“I’m an entertainer at heart,” she said. “I try to give my groups a fun and interactive experience. If people show up and seem uninterested, I can turn them around fairly quickly. The key is knowing what types of personalities are on the tour and understanding how to talk to each of them so that everyone feels like they had a good time in the end.”


We started the tour at the bar. The room was starting to fill with people, many of whom huddled in cozy round booths that flanked the room. Couches and leather chairs spread throughout, providing patrons with ample room to connect with their companions under semi-private cover. Dark colors create a moody environment — an ideal place to settle in for a drink.


The Campfire Cornbread cocktail is garnished with a slice of charred corn.

A Fox Trail bartender made me a cocktail called Campfire Cornbread, composed of Wild Parallel Straight Bourbon, salted corn syrup and molasses bitters. The finishing touch was a slice of charred corn placed atop the block of ice that chilled the drink. The first sip was laced with nostalgia, as its buttery-caramel flavor reminded me of Werther’s Original candy. I immediately knew I’d need another before my visit was complete.


From the bar, Broder led me through a side door and onto the distillery’s production floor. Hulking copper and stainless steel equipment framed the large space. Fox Trail was equipped by famed German engineer and designer Arnold Holstein. According to Broder, the pieces were fabricated in France and shipped to the U.S. for onsite assembly. They seemed to embody both form and function with their beauty and intended purpose.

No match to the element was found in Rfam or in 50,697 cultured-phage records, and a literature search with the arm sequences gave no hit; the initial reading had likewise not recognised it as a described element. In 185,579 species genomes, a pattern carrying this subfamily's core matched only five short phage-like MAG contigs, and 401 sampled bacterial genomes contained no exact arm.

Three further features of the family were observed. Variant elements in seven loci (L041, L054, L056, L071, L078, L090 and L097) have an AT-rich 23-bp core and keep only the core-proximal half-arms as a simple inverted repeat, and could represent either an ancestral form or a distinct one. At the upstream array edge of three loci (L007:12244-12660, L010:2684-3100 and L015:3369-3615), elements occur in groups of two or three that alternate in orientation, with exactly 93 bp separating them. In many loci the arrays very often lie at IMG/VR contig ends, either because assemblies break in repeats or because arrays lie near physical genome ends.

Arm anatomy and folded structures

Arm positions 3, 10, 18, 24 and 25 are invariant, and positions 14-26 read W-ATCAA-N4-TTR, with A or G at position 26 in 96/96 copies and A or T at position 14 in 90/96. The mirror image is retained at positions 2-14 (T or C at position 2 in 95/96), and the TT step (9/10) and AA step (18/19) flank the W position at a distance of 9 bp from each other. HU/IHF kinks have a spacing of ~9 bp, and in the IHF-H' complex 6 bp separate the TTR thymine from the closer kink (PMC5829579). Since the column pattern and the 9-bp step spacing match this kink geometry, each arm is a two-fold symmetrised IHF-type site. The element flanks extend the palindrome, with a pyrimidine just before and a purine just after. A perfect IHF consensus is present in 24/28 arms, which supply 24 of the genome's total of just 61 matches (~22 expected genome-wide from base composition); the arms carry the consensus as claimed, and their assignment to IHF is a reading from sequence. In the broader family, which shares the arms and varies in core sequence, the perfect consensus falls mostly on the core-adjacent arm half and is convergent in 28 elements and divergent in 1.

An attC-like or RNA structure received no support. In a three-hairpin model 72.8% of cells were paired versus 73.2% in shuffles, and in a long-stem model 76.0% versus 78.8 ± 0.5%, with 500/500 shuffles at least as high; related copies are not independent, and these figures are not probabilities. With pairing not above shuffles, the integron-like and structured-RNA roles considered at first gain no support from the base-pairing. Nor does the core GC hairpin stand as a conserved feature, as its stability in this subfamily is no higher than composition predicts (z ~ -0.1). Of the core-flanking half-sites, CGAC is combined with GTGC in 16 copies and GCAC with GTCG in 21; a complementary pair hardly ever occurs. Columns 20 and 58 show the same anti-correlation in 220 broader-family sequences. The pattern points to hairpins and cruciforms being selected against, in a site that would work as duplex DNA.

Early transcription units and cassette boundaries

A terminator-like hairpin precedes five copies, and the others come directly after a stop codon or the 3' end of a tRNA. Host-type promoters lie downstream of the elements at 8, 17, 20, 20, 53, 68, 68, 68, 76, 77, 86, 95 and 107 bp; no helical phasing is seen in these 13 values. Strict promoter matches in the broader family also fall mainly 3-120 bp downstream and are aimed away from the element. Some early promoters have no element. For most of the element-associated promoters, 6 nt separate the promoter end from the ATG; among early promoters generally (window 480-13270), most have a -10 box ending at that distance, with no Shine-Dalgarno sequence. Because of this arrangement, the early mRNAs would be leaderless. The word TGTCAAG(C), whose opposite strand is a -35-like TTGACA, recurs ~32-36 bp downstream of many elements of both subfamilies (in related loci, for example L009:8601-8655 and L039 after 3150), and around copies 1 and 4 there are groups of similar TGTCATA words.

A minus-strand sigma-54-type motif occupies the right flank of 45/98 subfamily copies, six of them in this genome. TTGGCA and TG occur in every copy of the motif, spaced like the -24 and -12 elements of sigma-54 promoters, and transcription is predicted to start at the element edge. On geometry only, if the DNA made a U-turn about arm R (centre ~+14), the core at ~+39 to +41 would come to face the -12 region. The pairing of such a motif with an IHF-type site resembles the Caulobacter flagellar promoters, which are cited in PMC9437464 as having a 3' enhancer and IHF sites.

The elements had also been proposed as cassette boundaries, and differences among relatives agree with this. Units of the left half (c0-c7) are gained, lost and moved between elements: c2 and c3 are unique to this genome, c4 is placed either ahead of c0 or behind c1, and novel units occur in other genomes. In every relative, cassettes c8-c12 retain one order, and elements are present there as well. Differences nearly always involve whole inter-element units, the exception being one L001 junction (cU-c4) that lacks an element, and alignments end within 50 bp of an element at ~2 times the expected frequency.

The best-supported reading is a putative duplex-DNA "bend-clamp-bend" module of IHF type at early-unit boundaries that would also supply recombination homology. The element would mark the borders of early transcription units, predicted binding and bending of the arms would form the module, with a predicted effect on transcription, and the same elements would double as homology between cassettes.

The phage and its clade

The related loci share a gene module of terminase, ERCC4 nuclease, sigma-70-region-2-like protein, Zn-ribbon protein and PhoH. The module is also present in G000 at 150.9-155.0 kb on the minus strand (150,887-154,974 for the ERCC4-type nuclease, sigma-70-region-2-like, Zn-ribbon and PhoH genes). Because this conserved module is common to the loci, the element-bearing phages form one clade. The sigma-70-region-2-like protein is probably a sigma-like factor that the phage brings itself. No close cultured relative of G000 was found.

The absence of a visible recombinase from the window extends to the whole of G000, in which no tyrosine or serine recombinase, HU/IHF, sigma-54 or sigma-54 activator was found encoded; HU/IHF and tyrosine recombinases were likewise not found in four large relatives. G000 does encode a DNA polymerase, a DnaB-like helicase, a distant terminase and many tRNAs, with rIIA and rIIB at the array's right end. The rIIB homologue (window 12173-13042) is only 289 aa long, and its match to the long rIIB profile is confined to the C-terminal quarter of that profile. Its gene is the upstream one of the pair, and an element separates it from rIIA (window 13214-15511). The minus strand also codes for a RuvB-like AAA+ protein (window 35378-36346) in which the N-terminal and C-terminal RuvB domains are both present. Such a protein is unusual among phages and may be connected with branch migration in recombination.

Generally, there are three pieces of equipment used in the distilling process. A still is used to heat up a previously fermented liquid so that alcohol will separate and rise as vapor. Fox Trail uses a hybrid pot-column still to accomplish the task. A condenser cools the heated vapor so it will return to liquid form. The concentrated alcohol is now known as distillate and the liquid is collected in a receiver flask before it is packaged or moved into barrels.


A 100-gallon gin still produces the distillery’s Artanical Gin. Juniper is the traditional characteristic in gin, but Fox Trail enhances the flavor profile of its version with additional ingredients. Elderberries and gin are macerated in the pot, and a gin basket affixed to the still is loaded with elderflower, lemongrass, lemon balm, rose hip, grapefruit and cucumber. The rising alcohol vapors are infused with the aromas and flavor characteristics of the botanicals before cooling and returning to liquid state.